Soon after, the once vibrant lot was neutralized, all vegetation removed together with other disturbing signs of life. Fenced in and shut off, the sanitized grounds looked like the temporary loading ground of some Nazi concentration camp railway. Clean. A few weeks before, a local news broadcast did a special on the area, showing only the worst parts of rubbish, abandoned tents and burned down caravans, referring to the site as "the favelas of Rio de Janeiro you may have seen from the train, going to and from Malmö central". At the time, I went in and out of Malmö by train every day, and for obvious reasons I always tried to get at glimpse of Savanna Side. Never had I seen more than the roof of a couple of caravans and, on a good day, the plateau of our extended quarterpipe. Once again, journalism desperate for a striking angle in spite of what even the slightest research would have falsified.

My first impulse, as we had gathered relics from the heaps of concrete rubble, was to take my findings up to city hall and hurl them through the ground-to-ceiling panorama windows by the entrance. I blamed myself for not doing more to prevent disaster from striking and was projecting guilt in all directions. By dawn the next morning, after a night of desperate intake of whatever substances would dissociate consciousness from reality, we were down there to witness the final demolition - there remained some bumps, a vulcano and a tiny quarter-pipe to be torn down. There was no longer time for protest, to chain ourselves to stuff and try to make the nightmare end. We would not wake up from this one. I had to see this, to take it in and let it work me. That is my way in most situations - watching corpses, studying how doctors cut deep in my flesh, facing death squads without blindfolds. And so, after long hours of waiting in the gloomy dawn, we watched as the executioners arrived in pick-ups, followed by a huge, yellow bulldozer. Our presense made them uncomfortable and they even apologized for destroying our "track". They were hired to clear the area; they only followed orders. As usual with the bureaucratic authoritarian machinery, our opponent remained invisible. Decisions were made by one hand, carried out by another. We wanted photographs of the last rite and convinced the undertakers to bulldoze the volcano, bumps and quarterpipe first thing they did, so we could snap those photos and go have breakfast.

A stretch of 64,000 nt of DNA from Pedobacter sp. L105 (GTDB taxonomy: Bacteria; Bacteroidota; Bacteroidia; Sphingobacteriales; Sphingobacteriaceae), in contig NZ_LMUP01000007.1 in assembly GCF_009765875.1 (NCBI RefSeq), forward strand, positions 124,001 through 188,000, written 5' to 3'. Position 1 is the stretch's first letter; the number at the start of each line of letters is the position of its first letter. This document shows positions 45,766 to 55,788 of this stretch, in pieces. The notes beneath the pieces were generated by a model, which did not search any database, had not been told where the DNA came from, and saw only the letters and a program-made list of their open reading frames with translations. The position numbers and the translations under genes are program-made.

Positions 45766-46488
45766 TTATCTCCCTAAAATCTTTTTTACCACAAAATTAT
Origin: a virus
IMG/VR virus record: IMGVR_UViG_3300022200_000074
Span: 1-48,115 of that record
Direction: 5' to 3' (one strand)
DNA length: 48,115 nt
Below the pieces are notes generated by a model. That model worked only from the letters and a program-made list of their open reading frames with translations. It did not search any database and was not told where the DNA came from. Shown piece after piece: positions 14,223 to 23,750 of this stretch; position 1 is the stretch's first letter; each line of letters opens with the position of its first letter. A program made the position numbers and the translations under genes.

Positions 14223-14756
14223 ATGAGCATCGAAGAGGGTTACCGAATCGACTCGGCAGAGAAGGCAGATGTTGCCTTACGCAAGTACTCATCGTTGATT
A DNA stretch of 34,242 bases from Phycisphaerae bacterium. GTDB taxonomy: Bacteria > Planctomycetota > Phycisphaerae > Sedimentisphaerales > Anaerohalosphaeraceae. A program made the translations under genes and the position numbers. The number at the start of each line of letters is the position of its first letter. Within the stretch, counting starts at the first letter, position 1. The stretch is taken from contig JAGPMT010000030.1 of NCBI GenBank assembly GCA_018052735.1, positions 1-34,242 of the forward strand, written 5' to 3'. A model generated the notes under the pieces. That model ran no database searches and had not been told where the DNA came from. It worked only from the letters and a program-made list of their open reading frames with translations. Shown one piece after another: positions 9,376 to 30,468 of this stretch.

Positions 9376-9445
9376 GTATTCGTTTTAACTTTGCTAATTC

My notebook is full of cynic notes from the following days, jotted down in drunk rage as realisation settled. Yet, we kept driving around the harbor in ever wider circles on that bulldozed morning, searching for a new place, somewhere to start over. It was absurd. Like getting over the death of your loved one by shagging whores on the day of her funeral. At least that is how it was percieved by some. And I see their point. However, when I pass away I do not want anyone to give up their dreams in honour of my memory. That would not make sense, not to me. We kept searhing. The sense of defeat soon turned into anger and a feeling of Nothing But Boredom To Lose. We circled the city, suburbs and industrial areas for spots, vacant lots and building materials. These gloomy, coffee and cigarette fueled excursions to the beats of Joy Division, lost their end-of-the-world-feel when we finally settled for a green pasture of chemical wasteland behind the burnt out Fight Club house on Industrigatan (Indystry Street). An avid Hesse reader, I referred to this resurrecting dream land as “Steppen”, from the Steppenwolf novel, which mirrors the existential themes inherent in our larger-than-skateboarding-endeavour that rainy summer.

On the first night that we dumped materials at this new building ground, one of its inhabitants were alerted to our presence. From his defensive reaction, it was obvious that before we could put down flags and load up the ‘crete, we had to talk to our new neighbors. This time, we were the ones moving into hobo territory. By next morning we were summoned to negotiations in one of the main tent camps. We turned up with coffee, pastries and the reasonable prospect of committing to the outmost corner of the vast lot. The local governors woke up, one by one, and joined us for breakfast, morning fags and some liquor to exorcise the cold of night. The meeting went well and we were welcomed to the community with some simple and strict rules of conduct.